Six months into the pandemic the coronavirus is again taking hold of the Merrimack Valley, with Haverhill, Methuen and North Andover joining Lawrence in the "red zone," forcing local leaders to call off youth sports, institute mask mandates and take other measures to stop the spread.

"These are not things we want to do, but with rising rates, we have to do," said Haverhill Mayor James Fiorentini after his city became one of the state's 23 high-risk locales — up from 15 such communities the previous week. 

The high-risk designation presents not only a public health risk, but also an economic worry because it prevents the progression to the next phase of reopening, while low-risk communities can move forward. 

North Andover's dip into the red — and status as the highest-risk Massachusetts community — came courtesy of an outlier outbreak at Merrimack College, where 93 COVID-19 cases have been reported. 

Town Manager Melissa Murphy-Rodrigues said during the timeframe of the Merrimack outbreak, 16 cases came from residents not affiliated with the school.

She said that means without the college numbers, the town would have an incident rate of 3.8%, putting it in the state's green, low-risk category. 

"On Monday, the Board of Selectmen is considering sending a letter to Gov. Charlie Baker urging him to allow the town to move forward to Phase 3, Step 2 despite the red designation due to the obvious cluster at Merrimack," Murphy-Rodrigues said, noting that there is no current evidence of community spread from the college cases. 

Merrimack College students were sent home for remote learning last week and, according to a letter from the administration, on-campus classes are expected to resume Wednesday.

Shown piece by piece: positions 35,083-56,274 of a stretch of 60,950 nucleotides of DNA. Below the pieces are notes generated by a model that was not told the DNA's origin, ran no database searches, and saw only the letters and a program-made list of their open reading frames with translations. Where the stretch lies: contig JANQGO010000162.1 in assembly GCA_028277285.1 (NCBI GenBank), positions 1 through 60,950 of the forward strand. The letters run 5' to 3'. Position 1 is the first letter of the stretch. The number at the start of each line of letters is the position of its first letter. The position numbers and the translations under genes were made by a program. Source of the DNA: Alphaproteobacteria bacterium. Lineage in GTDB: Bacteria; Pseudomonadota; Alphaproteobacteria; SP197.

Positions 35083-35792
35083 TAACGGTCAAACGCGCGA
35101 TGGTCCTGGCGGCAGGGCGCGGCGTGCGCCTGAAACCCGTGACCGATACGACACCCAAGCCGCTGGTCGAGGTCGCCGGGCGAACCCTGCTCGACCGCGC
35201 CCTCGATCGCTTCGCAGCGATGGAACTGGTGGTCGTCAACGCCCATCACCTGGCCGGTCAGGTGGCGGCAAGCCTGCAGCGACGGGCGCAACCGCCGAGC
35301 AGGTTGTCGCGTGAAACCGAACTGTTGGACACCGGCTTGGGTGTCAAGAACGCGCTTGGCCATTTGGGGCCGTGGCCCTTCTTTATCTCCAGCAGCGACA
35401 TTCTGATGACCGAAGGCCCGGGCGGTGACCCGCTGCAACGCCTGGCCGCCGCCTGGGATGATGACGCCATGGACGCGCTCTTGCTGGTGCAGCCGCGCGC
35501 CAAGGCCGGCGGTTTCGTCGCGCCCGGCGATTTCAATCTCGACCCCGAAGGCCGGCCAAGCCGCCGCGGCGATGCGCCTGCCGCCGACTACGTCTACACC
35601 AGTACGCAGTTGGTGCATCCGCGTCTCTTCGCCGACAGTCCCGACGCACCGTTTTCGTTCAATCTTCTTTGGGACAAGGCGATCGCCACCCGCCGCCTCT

"We are also advocating that college numbers be counted independently as their own cluster," Murphy-Rodrigues said said.

In Haverhill and Methuen, a forced shutdown of youth sports was ordered late last week. Citywide trick-or-treating was called off in Haverhill, too, while North Andover, Lawrence and Methuen officials are holding off on the decision. 

In Lawrence, a densely populated city where "red" status has been the norm nearly throughout, a mask ordinance instituted by Mayor Daniel Rivera comes with a $300 fine for violators. 

Additionally, public health officials have gone door-to-door to educate people and offer guidelines to those who travel to places like the Dominican Republic and hot-spot states. Also, all public events in Lawrence are canceled through the end of December.

"Government has done everything that they can do in a free and open society," Rivera said. "All that is left is for people to exercise personal responsibility.”

The Lawrence Police Department enforces the mask ordinance through the policing of noise complaints, according to Rivera's office. In an effort to deter gatherings, noise issues are paired with mask violations.

If more than 10 people who do not live together aren't wearing masks, the homeowner may receive a $300 mask violation ticket in addition to the $200 noise ordinance violation fine.

Haverhill saw its numbers spike after an outbreak at Lakeview House nursing home, where more than 40 residents and nearly 20 employees tested positive last week.

A mask order put in place by Fiorentini is not nearly as strict as the one in Lawrence, but the mayor has ordered businesses to post signs and other materials encouraging compliance. 

Code enforcement in Methuen has also become a priority for Mayor Neil Perry, who encourages residents to download the "seeclickfix" app that helps track cases through an embedded reporting function.  

Perry said he drives around the city at night and on weekends looking for people who aren't wearing masks or social distancing, or who are gathering in large groups.

"I stopped to chastise some guys playing basketball at Timony School not wearing masks," he said.

There were about 30 people using the court for a pick-up game, he estimated.

"Large gatherings are on the rise," he said. "I know people are getting tired of it, but they've got to buckle down."

Fiorentini led by example when a state drive-up testing site opened in Haverhill on Wednesday in the Locke Street parking lot next to 125 Winter St.

"It took 28 seconds to get tested, one-and-a-half days to get results," said Fiorentini, who had a negative result. "Can you spare 28 seconds to help keep our city safe?"

Staff writers Breanna Edelstein and Bill Kirk contributed to this story.

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